LOL, good catch! I seriously didn't even notice the Solo/Zolo thing. That right there is enough to turn me off on these guys for now.

I definitely get what you mean about "walking" though. The entire process is just so painstakingly slow that I can't help but get tantalized by these small presses now and then. I have one full request out, but I've been getting a ton of radio silence on queries lately. I used to get a lot of quick rejections, but lately it seems like weeks crawl by without a single word from anyone. Maybe this is a good thing and means the agents are considering my stuff more?
 

Gillhoughly

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Agents get 20-50 submissions PER DAY, sometimes a hundred on Fridays.

Big publishers get more.

They read them in the order they arrive. If the writer can't snag their interest in 10 pages, out comes the form rejection. I usually tell writers to cut five pages and open when something interesting is going on. No weather reports, travelogs, or histories. Introduce the protag and why we should spend real money to follow this person through a whole book.

I'm a writer with a 25+ year track record of sales and a good agent, but it was still 8 long months and submissions to a number of publishers (large and small) before I got an offer for a book.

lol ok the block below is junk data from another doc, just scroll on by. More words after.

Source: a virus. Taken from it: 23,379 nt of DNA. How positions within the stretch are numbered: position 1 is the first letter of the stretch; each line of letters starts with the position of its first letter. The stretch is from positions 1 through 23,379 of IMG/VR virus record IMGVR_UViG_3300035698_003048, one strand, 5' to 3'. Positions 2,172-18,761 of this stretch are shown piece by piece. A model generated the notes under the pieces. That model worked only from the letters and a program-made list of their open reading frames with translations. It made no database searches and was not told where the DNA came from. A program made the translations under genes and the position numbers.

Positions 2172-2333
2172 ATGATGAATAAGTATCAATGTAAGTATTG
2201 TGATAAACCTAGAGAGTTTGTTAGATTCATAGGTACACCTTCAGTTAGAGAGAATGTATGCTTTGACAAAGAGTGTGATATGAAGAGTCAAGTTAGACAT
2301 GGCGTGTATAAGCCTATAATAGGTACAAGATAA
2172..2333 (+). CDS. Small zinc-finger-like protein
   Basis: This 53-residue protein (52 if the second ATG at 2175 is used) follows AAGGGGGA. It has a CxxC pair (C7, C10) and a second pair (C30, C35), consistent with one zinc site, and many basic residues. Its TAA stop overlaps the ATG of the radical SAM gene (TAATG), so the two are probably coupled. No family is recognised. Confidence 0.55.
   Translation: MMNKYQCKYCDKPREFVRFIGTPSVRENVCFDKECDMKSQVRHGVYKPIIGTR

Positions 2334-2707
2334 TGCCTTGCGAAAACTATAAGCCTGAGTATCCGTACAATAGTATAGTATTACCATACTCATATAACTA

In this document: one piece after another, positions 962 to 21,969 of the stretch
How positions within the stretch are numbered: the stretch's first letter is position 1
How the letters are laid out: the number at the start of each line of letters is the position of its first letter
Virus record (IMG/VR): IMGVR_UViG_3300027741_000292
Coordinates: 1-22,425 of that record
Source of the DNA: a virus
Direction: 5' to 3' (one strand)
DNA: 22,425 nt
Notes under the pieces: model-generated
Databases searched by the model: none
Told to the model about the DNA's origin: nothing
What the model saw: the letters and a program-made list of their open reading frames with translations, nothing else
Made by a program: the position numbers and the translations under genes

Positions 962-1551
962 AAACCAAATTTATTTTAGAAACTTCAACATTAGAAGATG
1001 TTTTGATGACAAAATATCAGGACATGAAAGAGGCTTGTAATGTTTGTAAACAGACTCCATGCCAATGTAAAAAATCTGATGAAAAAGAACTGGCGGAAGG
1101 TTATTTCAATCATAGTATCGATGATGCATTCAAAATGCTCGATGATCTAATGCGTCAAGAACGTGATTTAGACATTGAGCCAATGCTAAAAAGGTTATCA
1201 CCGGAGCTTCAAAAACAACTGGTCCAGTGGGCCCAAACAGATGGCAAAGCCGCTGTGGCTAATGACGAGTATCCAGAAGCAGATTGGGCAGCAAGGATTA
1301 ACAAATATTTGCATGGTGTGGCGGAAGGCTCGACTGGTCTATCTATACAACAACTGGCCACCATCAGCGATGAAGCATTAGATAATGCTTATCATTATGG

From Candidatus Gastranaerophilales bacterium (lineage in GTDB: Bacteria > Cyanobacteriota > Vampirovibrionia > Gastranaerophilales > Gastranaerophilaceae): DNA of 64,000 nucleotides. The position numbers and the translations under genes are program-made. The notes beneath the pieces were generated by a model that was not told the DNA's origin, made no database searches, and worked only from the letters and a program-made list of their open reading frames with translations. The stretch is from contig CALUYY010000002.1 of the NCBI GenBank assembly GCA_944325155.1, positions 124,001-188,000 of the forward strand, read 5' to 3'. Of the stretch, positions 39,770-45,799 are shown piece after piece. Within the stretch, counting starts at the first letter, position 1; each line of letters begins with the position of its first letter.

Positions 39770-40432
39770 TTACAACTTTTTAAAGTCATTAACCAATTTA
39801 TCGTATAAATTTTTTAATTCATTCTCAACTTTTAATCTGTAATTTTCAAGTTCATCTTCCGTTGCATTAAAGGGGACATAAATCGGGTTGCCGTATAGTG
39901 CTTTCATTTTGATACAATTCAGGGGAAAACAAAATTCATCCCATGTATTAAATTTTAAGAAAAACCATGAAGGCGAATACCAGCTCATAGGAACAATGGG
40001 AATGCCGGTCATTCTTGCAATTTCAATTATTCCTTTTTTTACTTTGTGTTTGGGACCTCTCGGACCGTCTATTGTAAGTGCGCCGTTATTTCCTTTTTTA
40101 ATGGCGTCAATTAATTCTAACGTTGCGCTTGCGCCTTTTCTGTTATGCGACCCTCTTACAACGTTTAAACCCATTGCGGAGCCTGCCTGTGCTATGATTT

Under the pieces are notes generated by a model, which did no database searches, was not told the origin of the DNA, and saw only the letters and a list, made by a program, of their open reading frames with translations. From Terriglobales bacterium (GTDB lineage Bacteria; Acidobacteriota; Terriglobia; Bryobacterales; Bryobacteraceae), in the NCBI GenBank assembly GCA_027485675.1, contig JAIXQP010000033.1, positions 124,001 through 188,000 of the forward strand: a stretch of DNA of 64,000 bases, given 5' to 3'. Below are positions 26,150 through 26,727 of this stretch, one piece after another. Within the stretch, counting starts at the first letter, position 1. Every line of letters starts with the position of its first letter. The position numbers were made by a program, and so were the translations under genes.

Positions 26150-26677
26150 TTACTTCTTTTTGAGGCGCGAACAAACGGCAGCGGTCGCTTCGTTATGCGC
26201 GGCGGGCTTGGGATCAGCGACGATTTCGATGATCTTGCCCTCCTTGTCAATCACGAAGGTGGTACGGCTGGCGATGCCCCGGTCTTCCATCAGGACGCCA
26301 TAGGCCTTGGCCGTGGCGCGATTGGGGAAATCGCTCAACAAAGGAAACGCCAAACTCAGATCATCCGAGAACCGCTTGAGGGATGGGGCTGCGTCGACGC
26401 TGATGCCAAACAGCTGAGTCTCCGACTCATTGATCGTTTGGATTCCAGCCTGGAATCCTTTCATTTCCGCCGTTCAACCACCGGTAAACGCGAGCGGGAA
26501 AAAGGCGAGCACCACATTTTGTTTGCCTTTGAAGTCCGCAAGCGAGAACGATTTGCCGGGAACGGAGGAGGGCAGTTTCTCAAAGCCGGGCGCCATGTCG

To keep your head from exploding, you be working on the next two books while the first is making the rounds.
 

Corvid

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Agents get 20-50 submissions PER DAY, sometimes a hundred on Fridays.

Big publishers get more.

They read them in the order they arrive. If the writer can't snag their interest in 10 pages, out comes the form rejection. I usually tell writers to cut five pages and open when something interesting is going on. No weather reports, travelogs, or histories. Introduce the protag and why we should spend real money to follow this person through a whole book.

I'm a writer with a 25+ year track record of sales and a good agent, but it was still 8 long months and submissions to a number of publishers (large and small) before I got an offer for a book.

To keep your head from exploding, you be working on the next two books while the first is making the rounds.


In the beginning, my biggest issue was getting quick form rejections where it seemed like the agent didn't even read anything. So I overhauled my first chapter and now I'm getting much slower responses, which I think is a positive change. I didn't change the opening page, but there was a pretty "dull" scene only a couple pages in where the character was getting dressed and stuff, haha. So I jumped right into the action and now it at least seems like people are spending more time on my submissions.

It's always a relief to see it's slow for other people too, though. :p 25 years is quite impressive, I hope someday I can get there. Right now I have a lot of notes for the sequel, but I've taken a little "sanity break" for a month or so before I dive right in.